Renowned for being a star of both stage and screen, Kenneth Branagh has been part of the British acting fraternity for over 30 years. Most famous for his Shakespearean adaptations such as Hamlet, Othello, Much Ado About Nothing and Henry V which he both starred in and directed, he has also featured in the likes of Harry Potter and the Chamber of Secrets, Frankenstein and The Boat that Rocked. His latest work has seen him take on the direction of Marvel comic adaptation Thor,which sees the mythical Norse god transposed to modern day Earth.
Recently in London he spoke to View's Matthew Turner about his obsession with drama, the impact of working on a big Hollywood film on his career, and how he was inspired by the original Thor comics as a kid.
How aware of Thor were you before you did this movie?
I was, as a kid, growing up in Belfast. I remember seeing this very colourful, very dynamic comic with. .. actually, some of the framing, some of the kind of dynamism in the way we tried to put the picture together in the movie. But I remember being struck by how colourful, vivid and massive it was. The first picture I ever saw of Thor – we never did this in the movie – was Thor’s arms yoked around a tree trunk with his arms thicker than the tree trunk and Loki behind in the classic pose on the throne.
How important was it to nail the relationship between Thor and Loki?
Well, we felt that in terms of the approach, the approach was three-fold, it was to definitely be on a contemporary Earth ... to bring this story to Earth and to bring humour to the story, and then to both create characters and cast it with a kind of detail in the characterisations and in the execution, that was as real as we could be. It’s a relative reality in a comic book movie but I think what works very well is when the boys, who’ve done wonderful jobs in it, catch your breath by the intensity with which they feel things.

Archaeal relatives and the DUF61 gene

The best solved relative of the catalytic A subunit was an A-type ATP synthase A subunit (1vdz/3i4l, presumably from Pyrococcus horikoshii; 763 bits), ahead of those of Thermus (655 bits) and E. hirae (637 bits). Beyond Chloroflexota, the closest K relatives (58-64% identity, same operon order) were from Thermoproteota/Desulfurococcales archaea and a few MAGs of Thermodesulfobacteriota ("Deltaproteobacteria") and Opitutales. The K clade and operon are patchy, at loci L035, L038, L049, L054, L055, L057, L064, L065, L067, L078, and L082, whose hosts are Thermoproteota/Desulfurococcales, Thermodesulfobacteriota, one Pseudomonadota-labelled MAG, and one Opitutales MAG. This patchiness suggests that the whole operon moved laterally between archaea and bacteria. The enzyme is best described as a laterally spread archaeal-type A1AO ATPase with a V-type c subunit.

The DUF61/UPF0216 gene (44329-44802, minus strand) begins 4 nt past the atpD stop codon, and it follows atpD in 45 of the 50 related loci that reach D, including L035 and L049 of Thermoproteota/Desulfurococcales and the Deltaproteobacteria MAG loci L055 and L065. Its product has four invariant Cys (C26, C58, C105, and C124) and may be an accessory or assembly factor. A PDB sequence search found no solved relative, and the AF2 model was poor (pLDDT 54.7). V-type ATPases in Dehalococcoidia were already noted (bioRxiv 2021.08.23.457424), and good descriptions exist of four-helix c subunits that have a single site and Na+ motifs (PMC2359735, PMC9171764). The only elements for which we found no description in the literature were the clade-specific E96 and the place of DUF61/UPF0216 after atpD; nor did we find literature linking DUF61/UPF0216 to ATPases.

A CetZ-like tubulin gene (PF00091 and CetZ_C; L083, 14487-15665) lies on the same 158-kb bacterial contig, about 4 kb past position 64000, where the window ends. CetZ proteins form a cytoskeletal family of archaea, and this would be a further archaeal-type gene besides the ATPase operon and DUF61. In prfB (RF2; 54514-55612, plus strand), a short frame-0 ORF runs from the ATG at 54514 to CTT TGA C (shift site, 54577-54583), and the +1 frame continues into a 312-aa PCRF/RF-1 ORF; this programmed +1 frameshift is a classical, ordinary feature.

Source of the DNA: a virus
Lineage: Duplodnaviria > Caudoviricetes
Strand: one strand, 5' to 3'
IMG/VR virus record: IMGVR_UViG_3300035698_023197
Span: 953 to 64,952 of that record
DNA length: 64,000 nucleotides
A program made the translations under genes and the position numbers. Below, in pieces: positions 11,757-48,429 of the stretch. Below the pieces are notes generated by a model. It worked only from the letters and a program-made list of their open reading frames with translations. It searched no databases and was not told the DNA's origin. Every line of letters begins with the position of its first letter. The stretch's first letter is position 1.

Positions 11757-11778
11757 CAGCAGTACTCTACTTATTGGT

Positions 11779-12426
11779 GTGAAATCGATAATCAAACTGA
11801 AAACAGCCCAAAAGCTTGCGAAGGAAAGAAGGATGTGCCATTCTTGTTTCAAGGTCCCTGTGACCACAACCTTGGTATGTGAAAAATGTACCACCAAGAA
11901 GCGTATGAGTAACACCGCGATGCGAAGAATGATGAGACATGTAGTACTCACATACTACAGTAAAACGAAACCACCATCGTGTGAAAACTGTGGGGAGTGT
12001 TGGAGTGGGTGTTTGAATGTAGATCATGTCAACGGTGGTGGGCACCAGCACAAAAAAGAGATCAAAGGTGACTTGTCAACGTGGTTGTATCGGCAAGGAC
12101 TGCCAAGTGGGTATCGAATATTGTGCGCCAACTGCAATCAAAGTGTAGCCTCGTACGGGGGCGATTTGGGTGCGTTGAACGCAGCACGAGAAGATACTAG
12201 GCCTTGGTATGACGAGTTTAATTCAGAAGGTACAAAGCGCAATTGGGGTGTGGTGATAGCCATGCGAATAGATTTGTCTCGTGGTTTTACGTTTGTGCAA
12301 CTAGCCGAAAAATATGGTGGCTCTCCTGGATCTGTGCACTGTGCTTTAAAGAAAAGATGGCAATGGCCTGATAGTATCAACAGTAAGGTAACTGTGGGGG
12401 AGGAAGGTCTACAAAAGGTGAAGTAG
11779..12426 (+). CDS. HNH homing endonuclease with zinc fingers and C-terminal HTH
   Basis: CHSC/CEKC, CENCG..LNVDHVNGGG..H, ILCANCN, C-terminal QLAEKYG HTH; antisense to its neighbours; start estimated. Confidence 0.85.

So, when you’re rehearsing with the two of them and Anthony Hopkins, and talking about that dynamic between two rival boys and a father who is demanding, and you’ve got some scenes that can take the intensity and passion that can spring from some of those challenges, it felt as though that would be part of what distinguished the film and make it a little different. We could do that in the drama depending on who we cast and how they did it, and I think they both did a fantastic job.
It sounds as though entering the world of Asgard meant fulfilling a childhood ambition? Are there now only two left that you have any chance of fulfilling: playing for Linfield and appearing in Coronation Street?
Well, I think the Linfield one has very probably gone! It was a fantastic opportunity and a great adventure. In a way, it was a great surprise to be considered for it and to do something that I actually hadn’t done before, which was spend a couple of years in Hollywood. I’ve never done that before ... I’ve flitted in and flitted out and been privileged to be asked to go and do things there.
The whole combination of some of the story elements that, you wouldn’t be surprised, interested me in terms of those big problems in royal families have been in some of the rest of the work I’ve done. But the great sort of mystery of visual effects, CGI and 3D, developing stories that are part of a great big film universe that are fiercely protected by the people who have worked so hard to create it across a long period of time, and keeping your energy and your focus on the job ... that was quite something. So, I was in some familiar territory with great talent, and I was in some very unfamiliar territory. So, I sort of deliberately, once I had the joy of doing the job, was putting myself way out of my comfort zone. But it was a very thrillingly bumpy ride.
Coming from a theatrical background, are there any similarities between stage acting and green screen acting?
Well, Natalie Portman said at one stage, interestingly, that she felt that actors should have special training in how to act in green screen, when there’s nothing there. But because Tom [Hiddleston] and Chris [Hemsworth], probably a year before we started shooting, were rehearsing, and rehearsing again in summer, and rehearsed for a couple of weeks before we started shooting, and rehearsed on their own, all of that was there for them to call on, not only when they worked with us but when they worked with the second unit. So, all of that was money in the bank for us by way of preparation.
And given the popularity of the comic books, did you feel under any pressure taking on this project?
It’s so thrilling to be making this picture and not be answering questions at this stage that begin with: “Why have you made a remake?” So, that’s exciting. The pressure, from purists, has always been there. You know you can’t please everyone but you hope you can entertain everyone. I love the passion and the debate that’s attached to this material – to have that many people that interested in what you’re doing, it’s an absolute thrill, believe me. I’ve sometimes been trying to promote films where that hasn’t been the case ... so I’m very happy.